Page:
Drysuit – for colder water temperatures (say below about 50 degrees) the drysuit is a much better, safer option than most wetsuits. While there are wetsuits thick enough to protect someone at these lower temperatures (5mm thickness), they are usually too thick and bulky to be comfortable for paddling. Drysuits work differently than wetsuits when it comes to keeping you warm. A wetsuit traps a very thin layer of water next to your skin. Your body warms up the water, and as long as that thin layer of water stays in place, you begin to feel more comfortable even when the water is cool. A drysuit completely protects your body from coming in contact with the water except for the head, hands, and sometimes feet. There are latex gaskets at the neck, wrists, and sometimes ankles to keep water from entering the suit. A better option than ankle gaskets (in my opinion) is to get the sewn in socks or booties on the drysuit. The entry zippers are completely waterproof. The fabric of the suit is generally some kind of waterproof/breathable fabric, the better suits being made of Goretex. The drysuit does not actually provide much warmth. You must layer clothing under the suit to do that – usually synthetic wicking clothing like polypropylene or Capilene long underwear, polyester fleece, nylon, lycra, etc. How much clothing you wear under the drysuit depends on how cold the water temperature and the air temperature is. Drysuits are practically a must for those who paddle in places where the water temperature is below 50 degrees (Lake Michigan in the winter for example). Drysuits tend to be rather expensive, so typically only more serious paddlers invest in them. Once you have one, though, you will wear it instead of your wetsuit whenever you can since it is much more comfortable. The latex gaskets do tend to tear, especially the neck gasket, so you will need to periodically replace gaskets. This can be done by sending the suit back to the manufacturer, or finding a local business that does it, or it can be a do-it-yourself project. I have replaced several neck gaskets and have done a successful temporary repair to prolong the life a gasket that tore and will need to be replaced eventually. To prolong the life of your gaskets, treat them with “303” spray-on UV protectant and be careful when putting your drysuit on or taking it off so that you do not catch the gasket on jewelry, fingernails, etc.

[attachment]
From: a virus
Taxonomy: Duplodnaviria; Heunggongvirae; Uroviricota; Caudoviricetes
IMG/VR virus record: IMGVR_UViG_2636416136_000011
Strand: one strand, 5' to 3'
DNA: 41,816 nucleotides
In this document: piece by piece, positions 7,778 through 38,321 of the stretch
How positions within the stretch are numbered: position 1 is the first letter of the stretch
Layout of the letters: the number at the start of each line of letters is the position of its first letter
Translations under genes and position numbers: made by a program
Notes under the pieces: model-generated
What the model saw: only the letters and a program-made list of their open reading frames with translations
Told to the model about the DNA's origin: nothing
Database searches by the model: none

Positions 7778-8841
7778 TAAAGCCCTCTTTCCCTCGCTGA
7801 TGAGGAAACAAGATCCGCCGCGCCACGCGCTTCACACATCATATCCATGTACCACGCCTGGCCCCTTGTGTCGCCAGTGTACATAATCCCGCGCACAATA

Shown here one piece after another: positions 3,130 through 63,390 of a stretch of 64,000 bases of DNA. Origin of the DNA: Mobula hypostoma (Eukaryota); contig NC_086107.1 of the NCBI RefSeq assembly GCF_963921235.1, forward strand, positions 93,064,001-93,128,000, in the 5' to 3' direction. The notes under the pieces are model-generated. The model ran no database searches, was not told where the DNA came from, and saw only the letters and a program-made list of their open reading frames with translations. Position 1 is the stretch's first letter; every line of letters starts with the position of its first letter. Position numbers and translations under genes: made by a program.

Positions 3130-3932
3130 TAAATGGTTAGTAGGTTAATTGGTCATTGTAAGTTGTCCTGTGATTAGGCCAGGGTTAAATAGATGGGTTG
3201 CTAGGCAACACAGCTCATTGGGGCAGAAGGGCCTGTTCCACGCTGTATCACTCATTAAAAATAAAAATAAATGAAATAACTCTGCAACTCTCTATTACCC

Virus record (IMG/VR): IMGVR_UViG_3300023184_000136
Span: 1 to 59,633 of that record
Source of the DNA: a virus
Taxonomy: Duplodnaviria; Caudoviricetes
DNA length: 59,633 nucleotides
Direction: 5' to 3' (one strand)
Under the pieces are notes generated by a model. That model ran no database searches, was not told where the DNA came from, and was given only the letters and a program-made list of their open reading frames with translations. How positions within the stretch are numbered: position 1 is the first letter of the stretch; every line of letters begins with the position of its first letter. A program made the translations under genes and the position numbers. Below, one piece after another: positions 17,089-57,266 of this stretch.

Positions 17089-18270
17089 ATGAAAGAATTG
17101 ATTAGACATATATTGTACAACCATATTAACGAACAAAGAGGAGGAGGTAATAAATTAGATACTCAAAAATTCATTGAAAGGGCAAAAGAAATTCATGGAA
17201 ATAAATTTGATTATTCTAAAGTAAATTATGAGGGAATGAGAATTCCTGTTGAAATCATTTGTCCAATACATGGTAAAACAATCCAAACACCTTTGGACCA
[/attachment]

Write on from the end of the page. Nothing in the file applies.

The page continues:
Paddling Footwear – Most kayakers tend to wear some kind of neoprene booties. The neoprene gives some thermal protection in cold water. The soles of the booties are thinner than tennis shoes, river sandals, etc. and the neoprene fits very closely to the foot. This is especially important for guys with larger feet and just about all whitewater kayakers. Many sea kayaks and most whitewater kayaks have very little room in the area of the cockpit where the feet are located. There is little or no extra room for bulky footwear. However, do not be tempted to go barefoot. Pushing against foot braces without a shoe sole to help distribute the pressure can often lead to foot cramps. More important, there is a lot of stuff on shore and inside your cockpit that can cause you to cut your foot. This can ruin a fun day on the water, lead to serious infections, and compromise the safety of the group. On an extended trip, a foot injury leaves you less able to help out with necessary chores. You will be hindered from being able to hop out of your kayak quickly during a surf landing, and in a whitewater situation, you may be unable to jump out of your kayak, run along shore, and render assistance to a fellow paddler if your foot has been injured or if you are not wearing shoes. There are special designs made that will fit in just about the tightest space inside your cockpit, so wear something on your feet. Just make sure that nothing on your footwear is likely to get caught on anything in the cockpit that would hinder you from performing a wet exit.